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Professor of Physics
Name: William Bertozzi
Title(s): Professor of Physics
Phone: (617) 253-5167
Massachusetts Institute of Technology
Area of Research
Professor Bertozzi is the principal investigator leading the Nuclear Interactions Group of the MIT Laboratory for Nuclear Science. The research program investigates the structure of nucleons and nuclei using high energy electrons and photons as probes. Experiments are performed at the accelerator facilities of the MIT Bates Linear Accelerator Center, the University of Mainz and the Thomas Jefferson National Accelerator Laboratory. The well understood electromagnetic interaction is used to determine the charge, current and magnetization responsible for reactions that lead to a better understanding of the forces between nucleons in a nucleus and the quarks in a nucleon.
Topics of study include:
- The non-spherical components of the nucleon and non-central character of the force between the constituents of nucleons.
- The origin of the spin or angular momentum of the nucleons.
- The origin of the non-nucleonic components of the currents in nuclei.
- The possible modification of the structure of nucleons in nuclei compared to the structure of free nucleons.
- The structure of light nuclear systems and the testing of modern theoretical models of nuclei.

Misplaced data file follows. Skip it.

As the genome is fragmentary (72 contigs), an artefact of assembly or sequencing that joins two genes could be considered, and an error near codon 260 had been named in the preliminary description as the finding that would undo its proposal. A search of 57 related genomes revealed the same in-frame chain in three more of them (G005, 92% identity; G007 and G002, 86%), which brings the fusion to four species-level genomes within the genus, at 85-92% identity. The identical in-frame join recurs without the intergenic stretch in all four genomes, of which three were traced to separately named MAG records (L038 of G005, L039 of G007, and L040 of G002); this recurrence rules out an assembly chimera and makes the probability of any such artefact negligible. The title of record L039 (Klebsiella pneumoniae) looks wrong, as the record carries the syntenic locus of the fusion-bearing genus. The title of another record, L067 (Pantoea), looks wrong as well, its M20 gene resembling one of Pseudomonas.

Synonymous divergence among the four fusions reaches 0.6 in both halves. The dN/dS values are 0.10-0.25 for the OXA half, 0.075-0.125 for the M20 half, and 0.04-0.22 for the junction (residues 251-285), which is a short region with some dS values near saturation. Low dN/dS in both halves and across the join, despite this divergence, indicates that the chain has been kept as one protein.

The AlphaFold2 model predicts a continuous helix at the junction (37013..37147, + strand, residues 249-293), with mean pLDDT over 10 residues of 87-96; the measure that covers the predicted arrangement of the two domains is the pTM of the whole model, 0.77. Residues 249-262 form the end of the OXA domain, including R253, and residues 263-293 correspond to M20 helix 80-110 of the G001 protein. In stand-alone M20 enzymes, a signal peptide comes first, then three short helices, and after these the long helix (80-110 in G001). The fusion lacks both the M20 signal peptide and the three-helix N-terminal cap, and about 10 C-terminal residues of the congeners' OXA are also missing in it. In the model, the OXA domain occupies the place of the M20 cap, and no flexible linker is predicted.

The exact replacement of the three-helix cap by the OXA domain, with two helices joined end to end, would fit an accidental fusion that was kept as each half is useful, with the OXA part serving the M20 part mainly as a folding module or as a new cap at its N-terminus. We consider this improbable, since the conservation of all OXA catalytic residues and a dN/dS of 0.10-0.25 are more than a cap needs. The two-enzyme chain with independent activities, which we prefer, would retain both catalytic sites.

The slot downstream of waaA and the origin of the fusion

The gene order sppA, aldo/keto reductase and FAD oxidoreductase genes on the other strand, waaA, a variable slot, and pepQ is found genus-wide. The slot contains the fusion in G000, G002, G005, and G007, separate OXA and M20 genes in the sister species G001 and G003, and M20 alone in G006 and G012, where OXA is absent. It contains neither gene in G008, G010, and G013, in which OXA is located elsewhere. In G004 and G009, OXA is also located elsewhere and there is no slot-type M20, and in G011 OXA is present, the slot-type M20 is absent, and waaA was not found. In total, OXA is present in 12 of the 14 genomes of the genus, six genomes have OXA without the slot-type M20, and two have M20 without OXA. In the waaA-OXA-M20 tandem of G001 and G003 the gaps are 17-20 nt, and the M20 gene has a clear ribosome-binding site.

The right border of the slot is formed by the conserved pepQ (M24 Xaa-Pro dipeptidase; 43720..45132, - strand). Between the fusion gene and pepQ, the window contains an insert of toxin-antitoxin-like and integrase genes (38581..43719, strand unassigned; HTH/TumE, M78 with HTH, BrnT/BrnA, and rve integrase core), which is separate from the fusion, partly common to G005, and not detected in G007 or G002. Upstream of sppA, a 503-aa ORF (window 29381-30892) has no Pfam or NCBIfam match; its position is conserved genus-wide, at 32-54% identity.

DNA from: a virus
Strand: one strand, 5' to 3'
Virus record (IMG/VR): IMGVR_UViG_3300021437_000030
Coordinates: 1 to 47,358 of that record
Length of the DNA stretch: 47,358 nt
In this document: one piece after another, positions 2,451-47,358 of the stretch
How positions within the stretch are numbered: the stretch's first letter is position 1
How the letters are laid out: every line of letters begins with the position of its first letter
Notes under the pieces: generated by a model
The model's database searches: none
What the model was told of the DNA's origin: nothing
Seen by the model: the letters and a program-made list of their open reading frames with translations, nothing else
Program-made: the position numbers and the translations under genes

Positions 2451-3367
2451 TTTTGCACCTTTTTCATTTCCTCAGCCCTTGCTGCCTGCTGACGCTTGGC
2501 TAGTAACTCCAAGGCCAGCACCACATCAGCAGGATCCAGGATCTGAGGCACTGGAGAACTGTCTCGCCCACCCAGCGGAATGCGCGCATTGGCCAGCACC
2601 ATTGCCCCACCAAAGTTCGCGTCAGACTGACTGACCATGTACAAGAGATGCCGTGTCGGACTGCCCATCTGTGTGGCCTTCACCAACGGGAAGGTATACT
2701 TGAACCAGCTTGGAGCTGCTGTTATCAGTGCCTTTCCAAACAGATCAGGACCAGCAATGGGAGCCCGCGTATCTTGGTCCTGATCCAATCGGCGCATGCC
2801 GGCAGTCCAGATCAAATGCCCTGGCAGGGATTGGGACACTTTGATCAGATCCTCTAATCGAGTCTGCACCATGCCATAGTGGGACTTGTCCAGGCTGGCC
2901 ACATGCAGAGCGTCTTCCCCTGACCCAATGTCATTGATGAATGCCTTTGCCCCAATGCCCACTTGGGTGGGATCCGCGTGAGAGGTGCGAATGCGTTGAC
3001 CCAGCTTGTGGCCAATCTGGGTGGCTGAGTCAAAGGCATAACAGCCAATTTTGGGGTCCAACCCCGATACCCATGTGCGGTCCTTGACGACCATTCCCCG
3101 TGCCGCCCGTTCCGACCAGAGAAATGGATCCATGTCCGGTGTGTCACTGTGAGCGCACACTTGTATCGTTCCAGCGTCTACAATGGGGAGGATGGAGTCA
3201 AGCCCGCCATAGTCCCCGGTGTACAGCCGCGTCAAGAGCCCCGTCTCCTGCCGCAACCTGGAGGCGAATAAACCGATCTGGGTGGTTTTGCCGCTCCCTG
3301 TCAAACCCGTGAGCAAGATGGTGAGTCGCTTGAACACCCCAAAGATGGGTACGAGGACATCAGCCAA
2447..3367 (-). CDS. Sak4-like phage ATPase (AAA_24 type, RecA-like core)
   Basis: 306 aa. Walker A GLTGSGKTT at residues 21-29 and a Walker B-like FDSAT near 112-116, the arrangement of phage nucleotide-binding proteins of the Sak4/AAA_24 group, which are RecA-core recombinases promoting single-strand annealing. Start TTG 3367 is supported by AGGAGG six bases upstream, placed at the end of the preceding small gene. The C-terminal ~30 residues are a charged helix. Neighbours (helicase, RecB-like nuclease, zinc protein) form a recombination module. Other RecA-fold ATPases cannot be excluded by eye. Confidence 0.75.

- The short distance behavior of the force between nucleons in nuclei and other questions of topical and fundamental interest.
The unifying central theme of the research is the understanding of strongly interacting systems via the discovery of new phenomena and the comparison with modern theoretical models and concepts. The central goal is to determine the role played by quarks, mesons and nucleons in the making of nuclear and nucleon systems.
As part of the program, novel instrumental modalities are developed as needed. These have included particle detection and precision tracking, particle polarimetry, cryogenic targetry and particle spectrometry. In addition to Professor Bertozzi, the Nuclear Interactions Group includes approximately five Ph.D. research staff members and ten graduate students. The research is emphasized as an important component of graduate education. Undergraduate participation is encouraged.